“A few days after our arrival in Kiev, a detachment of about 20 men from Poltava were formed there. I was assigned to this detachment as well. We stayed only for a short time in Poltava and then we, the drivers, were ordered to bring our damaged vehicles to Sonderkommando 4a’s headquarters in Kiev to repair them. There were three of us who went to Kiev. I think we arrived there by evening. Once there, we met with Blobel, who said to us: “Early tomorrow you too will take part […]”. Blobel left it unclear in what way we would take part in. Very early the next morning the squad members were loaded onto a truck and driven to an area outside of Kiev. I, myself, did not have to drive that day. The ride probably lasted half an hour. At the location where we stopped a huge mountain of clothing caught my attention. After we got out of the truck, we were first given some alcohol. It was either grog or rum. Then, I saw a huge ditch that looked like a dried riverbed. There were already many layers of bodies in it. At one place a wooden bridge spanned the ditch. The executions started with several of the members of our squad going down into the ditch. At the same time, about 20 Jews were brought via a connecting path. Other members of the security police were stationed at the ditch and were pre-occupied solely by filling the magazines of submachine-guns with ammunition. The Jews had to lie down on top of the bodies and were then shot in the back of the head. More and more Jews were brought to be shot. The marksmen then climbed out of the ditch and then other groups of the security police, including me, got into the ditch. I then had to act as a marksman for about 10 minutes, having to personally shoot 30 to 50 Jews during that time. I remember that men and women of various ages were shot. I do not know for sure anymore whether there were any children among them. It could be that there were mothers who were holding children in their arms. Most of the Jews were naked. A few were still in their underwear. I believe the shooting on that day lasted until about 3 p.m. Afterwards we returned to our quarters and had lunch.” [From the testimony of Viktor Trill, former driver of Sonderkommando 4a of Einsatzgruppe C, given during the pre-trial against members of the Sonderkommando 4a of Einsatzgruppe C, by the prosecutor’s office in Darmstadt; Barch, BAL, B162-5652]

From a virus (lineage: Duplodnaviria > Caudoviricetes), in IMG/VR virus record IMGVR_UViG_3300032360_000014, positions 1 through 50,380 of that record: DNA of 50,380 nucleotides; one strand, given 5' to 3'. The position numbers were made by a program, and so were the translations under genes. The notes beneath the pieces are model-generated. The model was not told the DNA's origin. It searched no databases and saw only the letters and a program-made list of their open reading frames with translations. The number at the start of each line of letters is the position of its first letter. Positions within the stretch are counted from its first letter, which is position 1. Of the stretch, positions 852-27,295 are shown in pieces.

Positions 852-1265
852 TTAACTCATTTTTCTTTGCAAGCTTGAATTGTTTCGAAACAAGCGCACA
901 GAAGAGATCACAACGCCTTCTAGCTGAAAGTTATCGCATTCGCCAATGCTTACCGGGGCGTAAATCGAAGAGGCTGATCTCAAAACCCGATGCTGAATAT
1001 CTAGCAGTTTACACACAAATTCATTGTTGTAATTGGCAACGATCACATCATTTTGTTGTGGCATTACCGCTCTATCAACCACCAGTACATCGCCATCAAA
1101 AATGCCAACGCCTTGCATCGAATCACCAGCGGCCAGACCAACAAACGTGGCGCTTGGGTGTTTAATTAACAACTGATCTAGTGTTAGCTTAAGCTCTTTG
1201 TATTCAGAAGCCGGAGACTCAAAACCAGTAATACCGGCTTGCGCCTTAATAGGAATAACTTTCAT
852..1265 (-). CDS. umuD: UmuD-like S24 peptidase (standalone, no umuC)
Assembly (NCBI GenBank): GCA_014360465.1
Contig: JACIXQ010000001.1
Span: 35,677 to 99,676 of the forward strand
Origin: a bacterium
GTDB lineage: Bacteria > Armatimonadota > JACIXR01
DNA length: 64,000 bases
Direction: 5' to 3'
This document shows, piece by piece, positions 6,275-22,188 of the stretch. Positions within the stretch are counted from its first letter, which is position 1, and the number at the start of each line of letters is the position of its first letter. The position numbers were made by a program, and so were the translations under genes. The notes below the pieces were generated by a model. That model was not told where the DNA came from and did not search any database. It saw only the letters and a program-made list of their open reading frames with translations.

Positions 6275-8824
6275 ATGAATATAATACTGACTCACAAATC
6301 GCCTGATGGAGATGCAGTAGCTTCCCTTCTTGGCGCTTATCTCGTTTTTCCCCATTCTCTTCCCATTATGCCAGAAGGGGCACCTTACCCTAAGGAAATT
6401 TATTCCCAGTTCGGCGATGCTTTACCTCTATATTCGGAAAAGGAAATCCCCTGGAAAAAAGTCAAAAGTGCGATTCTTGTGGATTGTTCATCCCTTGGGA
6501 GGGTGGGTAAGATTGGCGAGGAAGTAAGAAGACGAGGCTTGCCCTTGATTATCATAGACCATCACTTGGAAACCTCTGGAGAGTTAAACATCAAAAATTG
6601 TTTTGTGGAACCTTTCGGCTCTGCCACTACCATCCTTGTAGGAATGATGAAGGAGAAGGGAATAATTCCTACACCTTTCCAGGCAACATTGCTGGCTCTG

Kyiv is the capital of Ukraine, located in the north-central part of country on the banks of the Dnipro River. The first record of a Jewish community in Kyiv goes back to 930, although since the founding of the community in the 8th century, many Jewish merchants had remained. In the course of the next few centuries the Jewish community didn’t have a chance to grow much due to expulsion and constant rivalry between Jews and Christians. However, by 1809, 452 Jews lived in Kyiv making up about 25% of the total population and by 1815 the population increased to 1,500 Jews. Between 1827 and 1858 residence in Kyiv was either forbidden for Jews or limited only to Jewish merchants who would stay in the city for no more than one day. In 1861, there were two Jewish suburbs granted the right to stay in Kyiv. The first suburb was located in the Lybed district and the other one in Podol. By 1872 13,803 Jews lived in the city comprising 13% of the total population. The majority of Jews were artisans; mainly tailors and carpenters, or were involved in the printing business. There were many merchants among the Jews that were involved in small scale trade of farm products, textiles, clothing, and building materials. There were some wealthy Jewish families who lived off the sugar industry, the Brodsky and Zaitsev families for instance, as well as many physicians, lawyers, and other members of the intelligentsia. There were several pogroms organized in different periods: in 1648, May 1881, October 18, 1905, and in the fall of 1919. During these pogroms, many homes and shops were looted, and in some cases, Jews were murdered. However, the Jewish community continued to grow and became one of the most prosperous in all of Tsarist Russia, which Ukraine was a part of. There were at least two synagogues, one of which was built in 1898, and one kenessa, which was located on Yaroslavov Val Street. All of these buildings are preserved today, but only two of them are still used as synagogues. From 1920-1922 the population suffered from typhus and famine which ravaged the city. By 1923 32% of the population was Jewish. In the 1930s many Jewish merchants joined the trade unions, while others engaged in heavy industry. The main language of the Jewish community was Yiddish. On the eve of the war, around 230,000 Jews lived in Kyiv including refugees from occupied Poland. At the time of the German arrival on September 19, 1941, 40-60 thousand Jews remain in the city, including the Jewish refugees who arrived from the west, while thousands of local Jews managed to be evacuated or left on their own. However, the exact number of Jews who lived in the city on the eve of the war remains unknown and very debatable among the scholars.